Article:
BOFIT Viikkokatsaus / BOFIT Weekly 2018/40

The outlook for China’s economy has become increasingly uncertain this year. As in our March 2018–2020 forecast, the baseline forecast in our latest BOFIT Forecast for China sees growth remaining strong, but slowing to around 5 % p.a. in 2020. The risk of lower growth, however, has increased.

An external driver of uncertainty has been the intensifying trade war with the United States already manifested in plunging share prices on Chinese stock exchanges and yuan depreciation. The main cause of China’s deteriorating situation, however, stems from its own problems, particularly the economic slowdown and rising indebtedness.

Over the longer term, China’s growth will be drawn down by demographic trends, environmental issues and the rise of a services-based economy. Unreliability of official figures makes clear assessment of current economic conditions difficult, but many indicators suggest growth is weakening. The slowdown in growth is also evidenced by the government’s robust stimulus policies designed to blunt the effects of the trade war and help the country meet official growth targets.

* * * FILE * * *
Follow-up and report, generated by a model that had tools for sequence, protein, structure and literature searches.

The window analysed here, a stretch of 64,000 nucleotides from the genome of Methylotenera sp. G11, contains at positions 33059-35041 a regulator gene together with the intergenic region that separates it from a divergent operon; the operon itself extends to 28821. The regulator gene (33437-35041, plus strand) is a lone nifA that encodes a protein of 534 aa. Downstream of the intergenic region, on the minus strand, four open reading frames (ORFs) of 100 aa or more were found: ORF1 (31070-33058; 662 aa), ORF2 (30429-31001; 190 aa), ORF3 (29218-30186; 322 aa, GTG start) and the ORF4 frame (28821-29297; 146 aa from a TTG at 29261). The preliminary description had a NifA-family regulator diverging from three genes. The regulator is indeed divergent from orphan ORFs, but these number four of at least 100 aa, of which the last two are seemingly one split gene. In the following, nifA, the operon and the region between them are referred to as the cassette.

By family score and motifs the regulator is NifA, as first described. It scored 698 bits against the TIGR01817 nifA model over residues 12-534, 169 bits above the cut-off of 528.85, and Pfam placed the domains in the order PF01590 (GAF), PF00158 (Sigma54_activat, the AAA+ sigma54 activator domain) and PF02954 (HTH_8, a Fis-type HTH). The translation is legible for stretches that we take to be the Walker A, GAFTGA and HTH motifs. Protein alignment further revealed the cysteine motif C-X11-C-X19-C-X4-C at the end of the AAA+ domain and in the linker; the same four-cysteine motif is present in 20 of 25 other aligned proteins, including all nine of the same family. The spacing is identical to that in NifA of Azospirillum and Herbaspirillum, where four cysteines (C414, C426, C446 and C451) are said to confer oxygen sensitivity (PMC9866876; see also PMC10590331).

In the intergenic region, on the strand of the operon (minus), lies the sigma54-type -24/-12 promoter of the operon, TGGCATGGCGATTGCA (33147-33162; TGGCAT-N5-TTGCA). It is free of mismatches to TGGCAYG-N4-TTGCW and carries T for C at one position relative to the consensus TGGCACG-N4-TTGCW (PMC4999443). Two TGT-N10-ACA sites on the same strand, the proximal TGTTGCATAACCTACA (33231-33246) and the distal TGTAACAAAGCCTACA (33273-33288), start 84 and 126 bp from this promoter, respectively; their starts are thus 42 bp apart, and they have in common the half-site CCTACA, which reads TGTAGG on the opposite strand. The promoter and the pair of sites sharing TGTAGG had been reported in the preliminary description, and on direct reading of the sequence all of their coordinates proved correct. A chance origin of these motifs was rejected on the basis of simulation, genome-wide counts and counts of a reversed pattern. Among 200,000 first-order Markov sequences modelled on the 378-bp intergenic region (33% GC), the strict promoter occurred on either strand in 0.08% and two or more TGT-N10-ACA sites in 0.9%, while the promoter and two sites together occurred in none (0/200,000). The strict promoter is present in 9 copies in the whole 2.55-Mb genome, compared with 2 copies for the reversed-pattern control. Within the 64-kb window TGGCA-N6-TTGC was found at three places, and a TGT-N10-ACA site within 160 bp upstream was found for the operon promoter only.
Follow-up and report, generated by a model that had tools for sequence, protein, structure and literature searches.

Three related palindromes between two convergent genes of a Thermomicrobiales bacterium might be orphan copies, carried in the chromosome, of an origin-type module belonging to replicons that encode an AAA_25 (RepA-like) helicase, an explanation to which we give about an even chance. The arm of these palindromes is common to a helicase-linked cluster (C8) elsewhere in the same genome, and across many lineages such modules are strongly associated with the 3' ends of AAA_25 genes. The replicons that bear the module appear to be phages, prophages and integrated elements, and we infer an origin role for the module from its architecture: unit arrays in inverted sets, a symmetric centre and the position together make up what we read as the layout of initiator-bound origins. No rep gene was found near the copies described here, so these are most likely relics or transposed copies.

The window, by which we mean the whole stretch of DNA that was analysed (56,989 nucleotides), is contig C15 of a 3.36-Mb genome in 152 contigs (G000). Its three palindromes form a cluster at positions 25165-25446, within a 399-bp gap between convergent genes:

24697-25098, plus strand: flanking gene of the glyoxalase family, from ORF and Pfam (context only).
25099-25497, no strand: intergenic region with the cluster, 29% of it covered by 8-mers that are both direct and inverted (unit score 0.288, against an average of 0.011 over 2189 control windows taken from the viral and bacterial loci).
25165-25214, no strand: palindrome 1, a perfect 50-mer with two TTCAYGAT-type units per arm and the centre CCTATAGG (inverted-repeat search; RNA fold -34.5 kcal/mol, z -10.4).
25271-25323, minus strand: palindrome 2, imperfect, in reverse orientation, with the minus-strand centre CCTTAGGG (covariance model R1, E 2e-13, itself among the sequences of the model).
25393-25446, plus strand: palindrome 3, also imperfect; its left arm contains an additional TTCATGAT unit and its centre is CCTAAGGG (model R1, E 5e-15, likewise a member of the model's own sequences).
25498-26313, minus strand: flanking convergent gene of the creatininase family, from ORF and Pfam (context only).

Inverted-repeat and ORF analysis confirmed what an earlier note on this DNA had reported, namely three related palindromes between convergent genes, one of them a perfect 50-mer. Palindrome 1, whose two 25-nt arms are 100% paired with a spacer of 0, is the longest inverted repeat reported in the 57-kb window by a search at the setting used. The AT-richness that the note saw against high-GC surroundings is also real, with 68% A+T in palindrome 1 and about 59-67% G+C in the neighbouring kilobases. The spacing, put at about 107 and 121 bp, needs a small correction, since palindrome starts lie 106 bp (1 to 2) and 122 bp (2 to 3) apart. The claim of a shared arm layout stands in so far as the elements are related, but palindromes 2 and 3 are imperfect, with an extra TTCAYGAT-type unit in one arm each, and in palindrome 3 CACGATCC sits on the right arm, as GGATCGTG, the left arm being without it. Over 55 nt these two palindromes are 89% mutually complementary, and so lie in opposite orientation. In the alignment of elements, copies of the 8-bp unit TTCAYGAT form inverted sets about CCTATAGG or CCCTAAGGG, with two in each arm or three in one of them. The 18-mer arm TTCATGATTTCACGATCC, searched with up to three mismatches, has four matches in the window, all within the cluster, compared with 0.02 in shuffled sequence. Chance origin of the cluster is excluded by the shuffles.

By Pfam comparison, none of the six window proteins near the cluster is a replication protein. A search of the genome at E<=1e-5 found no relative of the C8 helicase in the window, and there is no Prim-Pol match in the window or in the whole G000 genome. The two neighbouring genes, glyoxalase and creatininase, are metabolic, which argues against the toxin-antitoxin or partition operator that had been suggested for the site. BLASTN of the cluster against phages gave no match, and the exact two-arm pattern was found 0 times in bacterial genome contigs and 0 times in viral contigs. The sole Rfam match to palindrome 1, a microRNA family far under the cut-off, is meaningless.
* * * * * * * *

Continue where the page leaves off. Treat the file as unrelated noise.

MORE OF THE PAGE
China’s current official GDP growth targets and accompanying stimulus policies stand in stark contrast to the country’s worsening indebtedness. Stimulus policies sustain old structures and unprofitable activities which, along with the lack of serious economic reforms, are an important source of the current trade policy battles. The credibility of reform policies has been further eroded by the heightened emphasis on the Communist Party of China’s importance and campaigns related to increasing the CPC’s power.

Market disturbances this year should be seen as a natural part of China’s economic evolution. We should also acknowledge the country’s significant buffers for handling problems. Nevertheless, the economic situation has been shifting in a disconcerting direction. The number of market disturbances could increase and China could see a much more abrupt slowdown than in our baseline scenario.

China’s real GDP growth and main components of growth

Sources: China National Bureau of Statistics, BOFIT.